Weatherford Democrat

Features

December 21, 2009

Retirees find that it's never too late to learn

DENTON, Texas (AP) — Elsie Griffith, 84, is taking English — and 15 other courses — this fall at UNT. She commutes practically every weekday between her home and the Denton campus.



"It's better to burn out than to rust out," she explained. "That's been my philosophy of life, and it's worked pretty well."



Though some recession-racked workers have had to return to school to study for new careers, many retirees are heading back to the classroom simply for the joy of learning. Their ulterior motives are to keep their minds sharp and meet people with similar interests.



UNT is the latest four-year university and one of the first in this area to create a lifelong learning organization to accommodate older adults' intellectual curiosity. Nationwide, there are hundreds of such programs catering to people 50 and older who want to rekindle old interests or explore new ones.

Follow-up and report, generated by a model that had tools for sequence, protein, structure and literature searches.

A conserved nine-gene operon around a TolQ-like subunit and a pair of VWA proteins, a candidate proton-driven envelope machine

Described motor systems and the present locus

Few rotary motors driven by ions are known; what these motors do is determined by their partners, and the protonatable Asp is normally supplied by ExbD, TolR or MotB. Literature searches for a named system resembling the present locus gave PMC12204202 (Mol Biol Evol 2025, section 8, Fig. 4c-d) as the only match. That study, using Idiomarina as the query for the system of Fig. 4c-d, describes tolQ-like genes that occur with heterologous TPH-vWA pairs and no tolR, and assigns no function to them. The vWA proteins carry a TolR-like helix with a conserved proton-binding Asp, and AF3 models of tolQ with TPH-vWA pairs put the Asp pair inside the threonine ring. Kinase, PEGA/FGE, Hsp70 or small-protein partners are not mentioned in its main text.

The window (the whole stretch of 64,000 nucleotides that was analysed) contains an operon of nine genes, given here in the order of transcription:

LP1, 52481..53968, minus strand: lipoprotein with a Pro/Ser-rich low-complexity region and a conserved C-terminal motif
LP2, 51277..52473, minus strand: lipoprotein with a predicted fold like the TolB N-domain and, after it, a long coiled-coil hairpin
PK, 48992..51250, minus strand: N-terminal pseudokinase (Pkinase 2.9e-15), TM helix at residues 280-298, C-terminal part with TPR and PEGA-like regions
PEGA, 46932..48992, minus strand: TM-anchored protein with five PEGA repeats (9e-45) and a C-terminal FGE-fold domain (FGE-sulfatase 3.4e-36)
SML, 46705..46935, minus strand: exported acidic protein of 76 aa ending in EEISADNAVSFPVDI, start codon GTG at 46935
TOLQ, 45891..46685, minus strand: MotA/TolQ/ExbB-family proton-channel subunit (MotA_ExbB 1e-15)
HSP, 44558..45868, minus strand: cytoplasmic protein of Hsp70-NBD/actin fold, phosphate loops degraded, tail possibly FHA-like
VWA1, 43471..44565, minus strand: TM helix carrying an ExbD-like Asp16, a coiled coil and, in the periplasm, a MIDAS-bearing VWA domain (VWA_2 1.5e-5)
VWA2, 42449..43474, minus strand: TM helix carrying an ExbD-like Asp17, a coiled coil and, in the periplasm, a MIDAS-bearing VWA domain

College and university towns have been called the country's next big destinations for retirees, as seniors eager to stay engaged during their golden years move near campuses where they can sit in on classes, attend cultural activities and catch sporting events.



Experts say the lifelong learning programs, which offer a range of noncredit college-level classes with no prerequisites, will be perfectly suited to provide the mental stimulation and social networking the active retirees seek.



"The Emeritus College is a health club designed especially for the brain," said Marilyn Wagner, director of UNT's Center for Achievement and Lifelong Learning. "Researchers have found that challenging your mind is one of the best ways to slow down aging."



Some of the new college's classes have a down-to-earth purpose, such as managing a retirement nest egg. But others are more like flights of fancy for the mind. One course examines the differences between bluegrass and country-Western music.

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